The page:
Green Basilisk – Care Guide For Your New Pet

Green Basilisk – Care Guide For Your New Pet

Species Summary

The Green Basilisk (Basiliscus plumifrons) – also known as Plumed Lizard – is a moderately sized lizard native to Central American countries including Honduras, Costa Rica and Panama. Green Basilisks are arboreal, meaning they spend most of their time in trees. Their preferred trees are those close to or above water.

They have gained the nickname ‘Jesus Christ’ lizard thanks to their ability to run on water for short distances.

Green Basilisk Availability

Green Basilisks have been more popular over the last 5-10 years, so they are fairly easy to obtain from reptile stores or private breeders. In the UK prices range from £45 to £80 depending on the age, size and gender of the lizard and varies between reptile stores and private breeders. Green Basilisks in the US range from $20 to $60, with juveniles more commonly sold than adults.

Watch Before Buying


As with any reptile, lifespan is largely based on health and breeding. A carefully bred and well cared for Basilisk will live between 8 and 12 years.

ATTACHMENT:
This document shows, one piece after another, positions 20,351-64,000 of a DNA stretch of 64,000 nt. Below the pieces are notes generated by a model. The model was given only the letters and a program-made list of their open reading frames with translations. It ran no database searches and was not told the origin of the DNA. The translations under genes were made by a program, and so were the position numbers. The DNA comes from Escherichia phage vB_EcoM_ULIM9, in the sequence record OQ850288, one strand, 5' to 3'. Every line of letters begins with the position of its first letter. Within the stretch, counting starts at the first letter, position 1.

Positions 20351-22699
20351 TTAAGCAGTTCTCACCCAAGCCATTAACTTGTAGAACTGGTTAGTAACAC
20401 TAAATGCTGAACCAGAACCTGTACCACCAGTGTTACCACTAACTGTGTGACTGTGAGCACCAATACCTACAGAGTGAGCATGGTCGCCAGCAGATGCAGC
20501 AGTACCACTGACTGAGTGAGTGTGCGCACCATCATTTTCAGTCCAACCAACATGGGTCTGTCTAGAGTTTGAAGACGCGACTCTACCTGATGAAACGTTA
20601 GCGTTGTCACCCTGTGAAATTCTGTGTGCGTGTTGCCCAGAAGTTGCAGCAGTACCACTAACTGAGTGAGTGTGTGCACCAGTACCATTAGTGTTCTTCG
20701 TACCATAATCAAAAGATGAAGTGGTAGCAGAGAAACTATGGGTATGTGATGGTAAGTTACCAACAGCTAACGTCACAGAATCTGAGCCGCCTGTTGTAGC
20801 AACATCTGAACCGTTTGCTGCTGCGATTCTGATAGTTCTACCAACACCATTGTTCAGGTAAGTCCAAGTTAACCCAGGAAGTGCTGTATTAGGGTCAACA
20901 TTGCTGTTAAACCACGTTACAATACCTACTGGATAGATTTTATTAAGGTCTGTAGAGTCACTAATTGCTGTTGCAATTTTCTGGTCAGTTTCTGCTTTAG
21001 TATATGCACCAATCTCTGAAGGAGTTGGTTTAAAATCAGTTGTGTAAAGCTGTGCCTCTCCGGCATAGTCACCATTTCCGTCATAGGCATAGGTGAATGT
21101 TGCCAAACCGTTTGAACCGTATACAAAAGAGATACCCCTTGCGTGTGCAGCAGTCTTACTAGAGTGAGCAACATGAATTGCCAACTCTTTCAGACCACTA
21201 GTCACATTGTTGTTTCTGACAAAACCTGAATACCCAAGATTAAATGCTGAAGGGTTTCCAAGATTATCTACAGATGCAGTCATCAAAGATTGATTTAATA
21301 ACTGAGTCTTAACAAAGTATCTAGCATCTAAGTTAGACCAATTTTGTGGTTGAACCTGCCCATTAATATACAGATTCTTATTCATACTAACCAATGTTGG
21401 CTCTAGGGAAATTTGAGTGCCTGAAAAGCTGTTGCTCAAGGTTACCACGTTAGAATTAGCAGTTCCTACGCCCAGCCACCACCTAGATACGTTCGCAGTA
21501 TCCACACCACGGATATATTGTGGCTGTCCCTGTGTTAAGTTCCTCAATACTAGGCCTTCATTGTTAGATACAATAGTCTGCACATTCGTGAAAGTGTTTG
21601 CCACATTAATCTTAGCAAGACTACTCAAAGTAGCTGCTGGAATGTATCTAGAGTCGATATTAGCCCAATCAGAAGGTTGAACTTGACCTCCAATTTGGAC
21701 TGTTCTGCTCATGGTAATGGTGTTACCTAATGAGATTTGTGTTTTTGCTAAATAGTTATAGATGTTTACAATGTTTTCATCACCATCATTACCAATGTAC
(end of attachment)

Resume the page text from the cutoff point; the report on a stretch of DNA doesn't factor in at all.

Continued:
Green Basilisks, as the name suggests, are a deep green or green-blue color with dark stripes along the spine and white speckling over most of the body. Some lizards have only a few white speckles, while others have lots of clearly defined speckles.

Adults can grow between 2 and 3 feet long, with males also sporting plumes on their head and along their spine and tail.

Green Basilisk Housing

green basilisk housing
Image Credit:

Due to their moderate adult size, you will need a vivarium measuring approximately 4 x 2 x 3ft. Ideally this will be made of wood with sliding glass doors at the front and large vents to ensure you can establish a temperature gradient.

For juvenile lizards, it is best to include more decorations to reduce the amount of open space. You can gradually remove decorations as your basilisk ages.


This is important for Green Basilisks as they come from hot, humid tropical rainforests. You will need to ensure an ambient temperature and also a warmer basking spot. To this, you will need a ceramic lamp which will provide heat but no light. This will help to maintain a set temperature a night without affecting the lighting.